Contemporary Chinese artist and activist Ai Weiwei has released a brand-new documentary, “Coronation,” detailing the beginnings of the coronavirus outbreak in Wuhan, China. Directed remotely by Weiwei, who is currently living in Cambridge, United Kingdom, the 113-minute documentary was filmed by dozens of amateur filmmakers and volunteers in Wuhan whom Ai hired to covertly gather footage.
Lockdown begins in Wuhan
The documentary shows citizens of Wuhan living in extraordinary times, portraying how various families were affected once the city went into lockdown on January 23 of this year. Wuhan, with a population of 11 million people, has become normal and stable again with no new cases since May.
However, the purpose of the film – outlined in a statement by the filmmakers – was to show “the Chinese crisis management and social control machine – through surveillance, ideological brainwashing and brute determination to control every aspect of society.”
Although the 63-year-old artist has found himself in some legal troubles over his art and criticism of the Chinese government, which led him to leave the country in 2015, the documentary showcases an unbiased perspective of what China did right, and what it did wrong to cope with the pandemic.
The documentary shows how quickly China handled the situation – building massive coronavirus hospitals, deploying roving sanitation-fogging robots, implementing a tight and strict testing protocol and engineering cautious safety measures for its health workers.
However, the documentary also sheds light on the crushing bureaucracy from Chinese politicians, through its totalitarian decision making and absence of civic communication. Furthermore, the film demonstrates how the citizens of Wuhan were succumbed to and were deceived by the Chinese government.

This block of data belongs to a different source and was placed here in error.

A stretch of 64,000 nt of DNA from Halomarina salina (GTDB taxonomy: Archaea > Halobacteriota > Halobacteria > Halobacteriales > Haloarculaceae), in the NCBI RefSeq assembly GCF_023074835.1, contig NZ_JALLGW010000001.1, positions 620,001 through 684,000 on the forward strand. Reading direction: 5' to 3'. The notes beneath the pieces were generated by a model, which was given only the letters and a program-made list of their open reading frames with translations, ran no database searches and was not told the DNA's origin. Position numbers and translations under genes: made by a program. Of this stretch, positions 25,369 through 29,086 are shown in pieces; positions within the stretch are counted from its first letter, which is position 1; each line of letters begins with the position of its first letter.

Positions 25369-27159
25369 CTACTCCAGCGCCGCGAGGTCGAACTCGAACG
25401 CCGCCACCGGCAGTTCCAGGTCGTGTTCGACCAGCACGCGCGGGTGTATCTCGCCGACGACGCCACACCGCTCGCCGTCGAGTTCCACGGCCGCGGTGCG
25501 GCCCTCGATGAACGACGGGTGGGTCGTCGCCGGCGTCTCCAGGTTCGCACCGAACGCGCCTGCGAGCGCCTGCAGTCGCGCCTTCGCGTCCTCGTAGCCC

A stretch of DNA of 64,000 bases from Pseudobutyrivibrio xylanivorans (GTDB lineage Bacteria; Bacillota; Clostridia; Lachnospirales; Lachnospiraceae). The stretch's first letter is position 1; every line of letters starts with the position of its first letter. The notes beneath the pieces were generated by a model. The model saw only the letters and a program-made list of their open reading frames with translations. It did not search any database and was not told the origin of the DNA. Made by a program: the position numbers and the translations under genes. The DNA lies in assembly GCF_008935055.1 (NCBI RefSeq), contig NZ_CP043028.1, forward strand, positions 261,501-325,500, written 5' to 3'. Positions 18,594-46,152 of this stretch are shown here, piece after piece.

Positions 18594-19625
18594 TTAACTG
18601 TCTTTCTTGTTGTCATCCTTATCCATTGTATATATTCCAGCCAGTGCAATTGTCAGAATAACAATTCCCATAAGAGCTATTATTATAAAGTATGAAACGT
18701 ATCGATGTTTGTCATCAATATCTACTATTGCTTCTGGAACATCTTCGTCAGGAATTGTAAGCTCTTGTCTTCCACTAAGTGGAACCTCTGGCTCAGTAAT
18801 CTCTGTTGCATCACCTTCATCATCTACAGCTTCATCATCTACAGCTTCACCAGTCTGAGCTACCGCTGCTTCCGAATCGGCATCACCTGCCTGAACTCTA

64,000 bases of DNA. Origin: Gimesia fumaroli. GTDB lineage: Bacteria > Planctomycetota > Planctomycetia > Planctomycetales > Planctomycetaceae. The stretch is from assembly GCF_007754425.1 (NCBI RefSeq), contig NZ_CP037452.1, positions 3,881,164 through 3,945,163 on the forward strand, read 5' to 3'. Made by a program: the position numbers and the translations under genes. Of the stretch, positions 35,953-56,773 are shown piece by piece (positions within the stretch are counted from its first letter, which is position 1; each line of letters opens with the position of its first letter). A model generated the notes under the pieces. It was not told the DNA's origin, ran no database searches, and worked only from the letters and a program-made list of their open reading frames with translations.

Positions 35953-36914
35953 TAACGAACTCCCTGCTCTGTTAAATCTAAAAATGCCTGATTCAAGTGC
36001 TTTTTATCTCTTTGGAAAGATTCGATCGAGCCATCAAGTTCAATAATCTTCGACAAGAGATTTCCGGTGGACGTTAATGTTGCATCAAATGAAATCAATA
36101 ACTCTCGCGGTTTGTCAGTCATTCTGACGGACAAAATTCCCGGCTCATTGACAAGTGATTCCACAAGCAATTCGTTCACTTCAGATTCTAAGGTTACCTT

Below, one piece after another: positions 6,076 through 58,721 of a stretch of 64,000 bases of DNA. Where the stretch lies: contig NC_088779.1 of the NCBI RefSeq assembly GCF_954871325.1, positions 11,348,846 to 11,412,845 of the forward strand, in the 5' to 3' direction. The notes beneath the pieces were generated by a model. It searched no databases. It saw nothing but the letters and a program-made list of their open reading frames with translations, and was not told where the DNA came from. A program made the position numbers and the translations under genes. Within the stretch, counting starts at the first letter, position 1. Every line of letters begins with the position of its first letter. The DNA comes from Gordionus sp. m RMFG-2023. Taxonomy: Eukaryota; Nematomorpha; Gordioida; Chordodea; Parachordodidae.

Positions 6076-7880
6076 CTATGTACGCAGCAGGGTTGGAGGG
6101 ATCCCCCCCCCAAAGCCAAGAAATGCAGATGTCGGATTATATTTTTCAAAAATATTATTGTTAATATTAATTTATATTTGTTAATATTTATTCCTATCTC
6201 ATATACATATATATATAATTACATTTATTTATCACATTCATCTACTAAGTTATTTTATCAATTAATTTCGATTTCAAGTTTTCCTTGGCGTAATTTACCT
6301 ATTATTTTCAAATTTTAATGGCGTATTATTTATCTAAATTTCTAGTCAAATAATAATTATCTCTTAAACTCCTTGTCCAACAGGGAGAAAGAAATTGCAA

Telling the story
In an interview with The New York Times, Ai revealed that the most difficult footage to obtain was footage of the intensive care units, and he stated that he received more than 500 hours worth of footage from Wuhan.
Hoping to screen the film at a film festival, Ai Weiwei was instead forced to release the documentary digitally, through Vimeo On Demand and Alamo on Demand streaming services after festivals like the New York Film Festival, Toronto Film Festival and Venice Film Festival declined to screen the film, despite showing interest initially. Ai also pitched to release the documentary on Netflix and Amazon Prime, but they ultimately declined, which Weiwei suggests was due to their wanting to maintain business relationships with China. “Coronation” is available to rent or purchase on Alamo Drafthouse’s streaming service in the United States or Vimeo’s streaming service internationally. 100% of the revenue received from the documentary through Alamo Drafthouse will be donated to the Alamo Family Fund.
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